Giant alligators have been released into the Rio Grande to deter illegal migrants from crossing the border river to the United States, reports Mexican media.
The scare emerged after U.S. Border Patrol agents photographed what looks like an enormous ‘gator swimming near Eagle Pass, Texas, a regular crossing point.
Eagle Pass is across the Rio Grande from Piedras Negras in the Mexican state of Coahuila.
The photo of the killer croc was featured on the official U.S. Border Patrol Facebook page with a heavy-handed grim sense of humor.
The page stated: “Alligators ask lots of questions! So much so that they would make great interri-Gators…Or maybe even an investi-Gator…Or if you need directions, a navi-Gator…”
Now Mexican media has claimed that alligators have been released deliberately into the river to deter migrants.
Mexican newspaper Excelsior reported that the reptile is a “crocodile” claiming it was there to scare illegal immigrants from crossing to the U.S. side.
And the News Collective website reported: “It is said that the Texas Ranch Association suggested dumping alligators in the Rio Grande to solve the problem without caring about the deadly dangers this posed.
“The source added that those were rumors since the end of last year, and now we see it as a reality.”
The 2014 Farm and Ranch Association Directory of the Texas Workforce Commission does not list a Texas Ranch Association.
And a representative of a Texas ranchers’ organization said he did not know of any organization bearing that name.
Border Patrol agents use watercraft, horses, and vehicles to patrol the river border dividing Texas from the Mexican states of Coahuila, Nuevo Leon, Tamaulipas, and Chihuahua.
They have encountered at least 542,000 illegal migrant crossings in the first three months of 2022.
Extensive fences, patrols, and even alligators have not deterred hundreds of thousands of migrants seeking to enter the United States illegally, mostly from Mexico and Central America, but increasingly from elsewhere.
March saw over 221,000 illegal migrants crossing the Texas border, according to the Border Patrol, which was despite federal government limits imposed in response to the COVID-19 pandemic, according to the agency.
In April, the number crossing at all points of the border from Texas, through Arizona, New Mexico, and California rose to just over 240,000, according to a May 16 court filing by the Department of Justice.
According to Texas Parks and Wildlife, crocodiles are not native to Texas due to the state’s cool winters.
The American crocodile (Crocodylus acutus) is rare and found in brackish waters in Florida, Mexico’s coastline, and in various Caribbean nations such as the Dominican Republic.
The freshwater American alligator (Alligator mississippiensis) is a related albeit distinct species, which does not tolerate salt water.
Native to Texas, alligators are found in wetlands, marshes, lakes, and in marshlands along most of the areas along the Gulf of Mexico, according to the Texas state government.
Historically, alligators ranged as far west as Laredo at the 100th meridian on the Rio Grande, hundreds of miles from Eagle Pass, but were reduced because of hunting, reduced levels of water, and pollution.
According to Texas Parks and Wildlife: “The American alligator is the only crocodilian native to Texas.”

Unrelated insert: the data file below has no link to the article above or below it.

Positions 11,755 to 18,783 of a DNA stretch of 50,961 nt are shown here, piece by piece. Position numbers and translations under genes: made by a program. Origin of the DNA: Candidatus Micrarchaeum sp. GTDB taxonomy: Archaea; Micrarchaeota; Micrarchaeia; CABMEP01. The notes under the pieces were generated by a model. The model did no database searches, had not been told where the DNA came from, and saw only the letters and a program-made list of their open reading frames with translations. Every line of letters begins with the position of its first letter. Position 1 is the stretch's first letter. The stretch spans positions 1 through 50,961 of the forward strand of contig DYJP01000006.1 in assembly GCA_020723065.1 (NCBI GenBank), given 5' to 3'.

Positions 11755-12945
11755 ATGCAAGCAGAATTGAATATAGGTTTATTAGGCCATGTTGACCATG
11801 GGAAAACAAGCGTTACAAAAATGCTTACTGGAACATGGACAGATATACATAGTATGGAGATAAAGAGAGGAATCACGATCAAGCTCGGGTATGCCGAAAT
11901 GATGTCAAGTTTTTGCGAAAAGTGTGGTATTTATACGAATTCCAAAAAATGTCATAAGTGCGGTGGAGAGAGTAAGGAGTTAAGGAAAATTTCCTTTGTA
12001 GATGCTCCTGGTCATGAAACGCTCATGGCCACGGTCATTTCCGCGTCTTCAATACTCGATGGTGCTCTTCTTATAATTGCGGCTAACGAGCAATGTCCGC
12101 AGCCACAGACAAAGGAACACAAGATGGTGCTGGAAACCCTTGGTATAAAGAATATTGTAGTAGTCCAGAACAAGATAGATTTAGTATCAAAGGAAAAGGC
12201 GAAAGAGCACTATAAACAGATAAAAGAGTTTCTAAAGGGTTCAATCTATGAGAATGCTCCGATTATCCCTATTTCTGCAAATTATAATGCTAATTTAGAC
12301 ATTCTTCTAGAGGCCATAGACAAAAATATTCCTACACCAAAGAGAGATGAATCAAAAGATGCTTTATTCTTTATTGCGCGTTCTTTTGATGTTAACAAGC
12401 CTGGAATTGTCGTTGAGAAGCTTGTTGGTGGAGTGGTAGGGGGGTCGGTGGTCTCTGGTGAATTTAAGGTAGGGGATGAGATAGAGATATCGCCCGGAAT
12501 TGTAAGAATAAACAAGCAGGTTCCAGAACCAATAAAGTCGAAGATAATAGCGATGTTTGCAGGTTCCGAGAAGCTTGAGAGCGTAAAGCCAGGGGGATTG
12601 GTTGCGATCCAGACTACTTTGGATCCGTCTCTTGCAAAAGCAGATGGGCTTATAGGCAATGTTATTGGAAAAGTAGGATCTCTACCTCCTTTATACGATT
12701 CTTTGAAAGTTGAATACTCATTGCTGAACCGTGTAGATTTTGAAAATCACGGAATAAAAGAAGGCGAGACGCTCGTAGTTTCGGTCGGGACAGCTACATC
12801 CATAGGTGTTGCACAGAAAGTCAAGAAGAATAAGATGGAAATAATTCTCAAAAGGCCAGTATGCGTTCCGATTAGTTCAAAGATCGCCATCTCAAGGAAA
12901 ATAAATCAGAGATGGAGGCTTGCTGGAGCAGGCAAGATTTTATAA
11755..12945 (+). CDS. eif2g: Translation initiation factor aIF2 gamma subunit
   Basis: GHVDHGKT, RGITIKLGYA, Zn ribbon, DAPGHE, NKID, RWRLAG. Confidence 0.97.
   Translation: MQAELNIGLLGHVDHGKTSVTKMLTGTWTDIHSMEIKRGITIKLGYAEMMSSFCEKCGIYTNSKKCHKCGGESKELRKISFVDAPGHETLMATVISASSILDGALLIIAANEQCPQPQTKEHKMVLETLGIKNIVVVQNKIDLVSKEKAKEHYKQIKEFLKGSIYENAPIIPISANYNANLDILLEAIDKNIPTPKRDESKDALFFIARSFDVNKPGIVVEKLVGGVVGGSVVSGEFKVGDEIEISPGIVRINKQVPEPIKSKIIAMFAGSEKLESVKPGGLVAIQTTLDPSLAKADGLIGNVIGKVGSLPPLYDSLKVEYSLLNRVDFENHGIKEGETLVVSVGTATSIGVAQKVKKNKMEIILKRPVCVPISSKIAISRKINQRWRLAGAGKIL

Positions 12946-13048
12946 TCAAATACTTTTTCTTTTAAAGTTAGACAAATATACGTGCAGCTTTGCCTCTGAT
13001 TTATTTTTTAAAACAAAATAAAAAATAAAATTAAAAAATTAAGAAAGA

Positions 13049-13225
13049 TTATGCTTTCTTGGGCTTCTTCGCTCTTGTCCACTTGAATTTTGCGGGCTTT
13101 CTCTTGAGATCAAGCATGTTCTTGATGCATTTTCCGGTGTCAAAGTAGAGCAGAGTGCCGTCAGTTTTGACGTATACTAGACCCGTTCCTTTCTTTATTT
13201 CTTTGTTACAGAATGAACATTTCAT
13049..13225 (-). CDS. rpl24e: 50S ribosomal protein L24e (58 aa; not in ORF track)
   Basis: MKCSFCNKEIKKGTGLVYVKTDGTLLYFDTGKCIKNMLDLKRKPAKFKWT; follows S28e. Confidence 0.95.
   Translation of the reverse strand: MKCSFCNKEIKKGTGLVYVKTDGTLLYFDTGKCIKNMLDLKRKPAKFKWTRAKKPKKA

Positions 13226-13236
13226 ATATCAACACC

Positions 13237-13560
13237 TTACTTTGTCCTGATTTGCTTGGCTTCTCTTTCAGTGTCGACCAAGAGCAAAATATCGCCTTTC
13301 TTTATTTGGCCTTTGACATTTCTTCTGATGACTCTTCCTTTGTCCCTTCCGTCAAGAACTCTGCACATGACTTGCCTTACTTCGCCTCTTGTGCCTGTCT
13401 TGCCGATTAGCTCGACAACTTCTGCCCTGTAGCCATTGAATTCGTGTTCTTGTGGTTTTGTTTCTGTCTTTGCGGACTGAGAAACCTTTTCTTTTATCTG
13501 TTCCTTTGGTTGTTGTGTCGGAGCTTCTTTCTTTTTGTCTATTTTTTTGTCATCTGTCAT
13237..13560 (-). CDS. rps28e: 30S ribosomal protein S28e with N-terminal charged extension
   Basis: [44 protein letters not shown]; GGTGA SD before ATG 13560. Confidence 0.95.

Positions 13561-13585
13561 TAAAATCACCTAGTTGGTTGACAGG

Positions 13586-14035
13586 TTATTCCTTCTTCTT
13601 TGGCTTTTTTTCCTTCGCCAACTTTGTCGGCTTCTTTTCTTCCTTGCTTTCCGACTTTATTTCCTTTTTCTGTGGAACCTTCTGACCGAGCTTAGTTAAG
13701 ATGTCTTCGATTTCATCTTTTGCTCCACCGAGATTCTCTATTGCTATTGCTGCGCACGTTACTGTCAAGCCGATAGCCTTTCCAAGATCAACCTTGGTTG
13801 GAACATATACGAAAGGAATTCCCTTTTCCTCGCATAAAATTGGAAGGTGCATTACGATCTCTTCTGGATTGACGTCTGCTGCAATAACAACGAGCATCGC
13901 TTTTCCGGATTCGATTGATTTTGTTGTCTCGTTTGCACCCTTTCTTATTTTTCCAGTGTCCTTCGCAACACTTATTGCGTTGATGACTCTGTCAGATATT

They explained small populations living outside the modern range “may represent remnant populations from a former range or from released American alligators.”
The name alligator is a deformation of lagarto, Spanish for lizard. The Spanish word for crocodile, however, is cocodrilo.
On the Mexican side of the river, where it is known as Rio Bravo del Norte, there are signs warning against “lagartos” and the danger they pose to hapless humans.
Mexican media reported in 2012 that “crocodiles” were spotted on the Mexican side of the river at Reynosa, near the mouth of the river on the coast of the Gulf of Mexico.
Mexican media have reported in the past that “crocodiles” have also been spotted in Piedras Negras, Nuevo Laredo, Matamoros on the Rio Grande, which Mexicans call Rio Bravo del Norte.
Native to Mexico and Central America is Moret’s crocodile (Crocodylus moretii), which is found in the Mexican state of Tamaulipas, just across the international border from Texas.
In response to an email, Professor David M. Hillis of the University of Texas wrote with regard to media reports: “I wonder if this is a language issue?” and noted that scientists sometimes refer to crocodiles, caimans, and alligators as crocodilians.
He also questioned whether there is any reliable confirmation of crocodiles living in the river, adding: “The photo in the story certainly looks like an alligator to me.”
Hillis, an expert on molecular evolution, phylogenetics, and systematics, wrote he is not surprised that introduced alligators live in the Rio Grande but would be surprised if there are any crocodiles there.
He wrote: “I have not seen reports of Morelet’s crocodiles from north of central Tamaulipas (around Ciudad Victoria), so nowhere near Texas or the Rio Grande. But yes, unlike the American alligator, Morelet’s crocodile is usually found in fresh water. However, they are a smaller.”
Alligator attacks are rare but do happen.
In 2015, a 28-year-old Texas man was attacked and killed by an alligator while swimming, and a 500 pound ‘gator nearly grabbed a 4-year-old girl near Galveston on the Gulf of Mexico shore in 2020.
Alligators can grow to 4.4 meters (14 feet) in length and weigh as much as 450 kilos (990 lbs).